Many training methods can improve your running speed, and resistance training certainly helps. Resistance training is a tool and, like any other method, you must properly apply it. It's important to select the correct exercises and integrate them properly with your running program. Consult a health care practitioner before beginning any athletic training program.
Barbell squatting must be the foundation of your lifting program. Deep barbell squatting builds strong, explosive legs. There is a direct correlation between your squatting power and your sprint times, according to a 2004 study published in the "British Journal of Sports Medicine." Squatting deeply builds not only your legs but your hips as well. The muscles of your hips are important in providing speed and power.
The muscles on the back of your thighs, or your hamstrings, do more than just provide running power. Your hamstrings function to protect your knee joint every time you straighten your leg. While squatting will strengthen your hamstrings to a degree, squatting alone is not enough. Exercises such as the stiff-legged deadlift and leg curl work your hamstrings much more than squatting, according to a 1999 study published in the "Journal of Strength and Conditioning Research." During your weight training, after squatting finish with a few sets of stiff-legged deadlifts and leg curls using a weight you can safely control with good technique.
The muscles of your calves contribute to your running power, but this depends on technique. Using good running mechanics you will strike with the front of your foot first, and get more power out of your stride. A 2007 study published in the "Journal of Strength and Conditioning Research" showed that elite runners generated more power by better utilization of the calf. Strong calves will generate more power when running, and will not only improve your running speed, but improve the stability of your ankle joints. A few sets of seated and standing calf raises will help build your calf strength.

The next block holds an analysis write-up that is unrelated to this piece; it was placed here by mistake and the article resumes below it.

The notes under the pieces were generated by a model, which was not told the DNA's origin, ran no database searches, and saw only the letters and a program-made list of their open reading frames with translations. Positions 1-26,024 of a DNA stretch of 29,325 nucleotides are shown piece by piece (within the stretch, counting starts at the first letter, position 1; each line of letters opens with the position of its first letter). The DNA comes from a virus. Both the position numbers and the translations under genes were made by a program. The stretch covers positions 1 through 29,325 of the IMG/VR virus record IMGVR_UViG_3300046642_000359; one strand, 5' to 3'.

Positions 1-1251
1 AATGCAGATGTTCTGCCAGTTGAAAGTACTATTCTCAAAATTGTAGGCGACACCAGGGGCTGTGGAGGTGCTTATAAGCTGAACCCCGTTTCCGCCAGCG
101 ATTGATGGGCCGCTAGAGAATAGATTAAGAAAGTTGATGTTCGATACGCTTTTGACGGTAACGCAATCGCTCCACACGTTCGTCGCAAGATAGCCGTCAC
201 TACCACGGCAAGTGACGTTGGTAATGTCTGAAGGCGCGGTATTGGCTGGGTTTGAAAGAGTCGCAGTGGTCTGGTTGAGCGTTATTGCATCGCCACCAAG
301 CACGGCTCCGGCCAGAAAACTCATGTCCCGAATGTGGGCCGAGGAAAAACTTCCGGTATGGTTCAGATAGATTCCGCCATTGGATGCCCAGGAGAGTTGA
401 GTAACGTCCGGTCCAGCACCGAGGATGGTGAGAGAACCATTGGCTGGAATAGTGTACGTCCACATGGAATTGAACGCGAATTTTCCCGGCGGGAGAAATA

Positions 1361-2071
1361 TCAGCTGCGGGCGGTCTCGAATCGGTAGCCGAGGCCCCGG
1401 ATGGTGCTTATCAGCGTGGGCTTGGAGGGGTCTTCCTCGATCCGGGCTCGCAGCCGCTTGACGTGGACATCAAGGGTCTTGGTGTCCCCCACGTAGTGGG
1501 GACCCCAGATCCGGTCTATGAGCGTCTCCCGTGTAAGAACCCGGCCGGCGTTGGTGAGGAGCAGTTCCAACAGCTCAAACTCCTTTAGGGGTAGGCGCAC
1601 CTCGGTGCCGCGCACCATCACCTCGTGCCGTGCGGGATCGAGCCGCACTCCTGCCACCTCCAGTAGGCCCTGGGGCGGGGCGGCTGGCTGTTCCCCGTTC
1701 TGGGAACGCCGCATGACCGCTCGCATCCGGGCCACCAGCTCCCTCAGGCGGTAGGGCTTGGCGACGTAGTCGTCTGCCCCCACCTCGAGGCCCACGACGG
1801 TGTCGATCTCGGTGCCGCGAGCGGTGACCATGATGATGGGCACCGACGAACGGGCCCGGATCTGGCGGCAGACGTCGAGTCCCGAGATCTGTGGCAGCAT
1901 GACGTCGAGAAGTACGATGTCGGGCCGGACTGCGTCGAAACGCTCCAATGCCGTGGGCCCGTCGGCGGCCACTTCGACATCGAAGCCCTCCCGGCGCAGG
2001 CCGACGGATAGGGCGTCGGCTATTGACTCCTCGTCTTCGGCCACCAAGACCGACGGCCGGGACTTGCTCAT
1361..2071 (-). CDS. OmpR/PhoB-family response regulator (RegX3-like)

All of the resistance training in the world will not help you if you do not improve your running technique. If you wish to be faster in the sprint, you need to sprint. If you wish to be able to run and quickly change directions, you must practice agility drills. Your training effects are very specific, so spend the bulk of your training time developing your running skills.
- "British Journal of Sports Medicine"; Strong Correlation of Maximal Squat Strength with Sprint Performance and Vertical Jump Height in Elite Soccer Players; U. Wisloff, et al.; June 2004
- "Journal of Strength and Conditioning Research"; The Effect of Back Squat Depth on the EMG Activity of 4 Superficial Hip and Thigh Muscles; A. Caterisano, et al.; August 2002
- "Journal of Strength and Conditioning Research"; Electromyographic Activity of the Hamstrings During Performance of the Leg Curl, Stiff-Leg Deadlift, and Back Squat Movements; Glenn A. Wrigth, et al.; May 1999
- "Journal of Strength and Conditioning Research"; Foot Strike Patterns of Runners at the 15-km Point During an Elite-level Half Marathon; H. Hasegawa, et al.; August 2007
- "Journal of Strength and Conditioning Research"; Velocity Specificity in Early-phase Sprint Training; G.O. Kristensen, et al.; November 2006